Selling is the real part, no? I find no irony or double meaning there.
I think that the quotation marks are inappropriate—not so much because they fail to satisfy the rather mushy standards that determine when journalists may use so-called scare quotes (although they seem to fall short of any reasonable standard on that count), but because the whole headline is extracted from a single sentence of an actual quotation in the story. Here, again, is the headline:
And here is the in-story quotation that it is based on:
Clearly, the headline could have been "Women ... sold ... resold ... in ... name of tradition" with an attribution to "Snehlata Upadhyay" or to "Woman commission member," thus:
Or far better, paraphrased:
Or better still, with the quotation marks excised altogether and the fragments of Upadhyay's comment placed in the headline without any embellishment:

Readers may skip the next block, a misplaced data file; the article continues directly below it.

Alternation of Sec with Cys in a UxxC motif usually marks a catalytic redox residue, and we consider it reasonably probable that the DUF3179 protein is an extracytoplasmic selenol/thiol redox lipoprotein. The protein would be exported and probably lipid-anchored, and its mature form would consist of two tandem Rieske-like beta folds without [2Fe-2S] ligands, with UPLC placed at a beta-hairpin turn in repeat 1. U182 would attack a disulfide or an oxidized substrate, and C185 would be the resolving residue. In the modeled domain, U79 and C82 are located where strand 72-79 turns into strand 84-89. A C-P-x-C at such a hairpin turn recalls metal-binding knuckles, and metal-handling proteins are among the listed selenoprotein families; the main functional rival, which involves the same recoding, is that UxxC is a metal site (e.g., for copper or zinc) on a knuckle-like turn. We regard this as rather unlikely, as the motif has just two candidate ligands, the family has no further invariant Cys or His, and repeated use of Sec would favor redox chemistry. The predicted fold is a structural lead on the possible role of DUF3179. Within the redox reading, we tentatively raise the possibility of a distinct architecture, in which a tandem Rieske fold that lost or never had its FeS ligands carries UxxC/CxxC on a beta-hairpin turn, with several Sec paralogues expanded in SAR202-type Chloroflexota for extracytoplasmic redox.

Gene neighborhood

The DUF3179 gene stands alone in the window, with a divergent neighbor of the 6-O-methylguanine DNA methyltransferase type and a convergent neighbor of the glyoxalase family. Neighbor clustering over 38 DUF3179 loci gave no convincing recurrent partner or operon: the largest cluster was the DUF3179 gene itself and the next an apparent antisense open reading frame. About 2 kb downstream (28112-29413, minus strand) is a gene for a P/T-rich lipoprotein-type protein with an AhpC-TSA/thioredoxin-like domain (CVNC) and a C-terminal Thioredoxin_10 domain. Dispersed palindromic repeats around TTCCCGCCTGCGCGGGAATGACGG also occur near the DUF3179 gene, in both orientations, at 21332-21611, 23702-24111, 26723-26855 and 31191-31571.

As the OP says, there is nothing ironic or double-edged about the words "sold, resold" to justify putting quotation marks around them but not around the rest of the quotation-based headline. The quotation marks don't work as a straight quotation, either, because the actual wording of the sentence where they appear isn't "sold, resold"; it's "sold but resold."
I can't think of any theory of journalistic accuracy, irony, or good old-fashioned innuendo under which putting quotation marks around "sold, resold" in the cited headline makes sense or serves a legitimate purpose. Instead it comes across as misleading and pointless.
Yes it does use the ironic quotation marks correctly.. In the sentence, the "bad" part was that that a woman was sold for money. The irony is that that she was resold.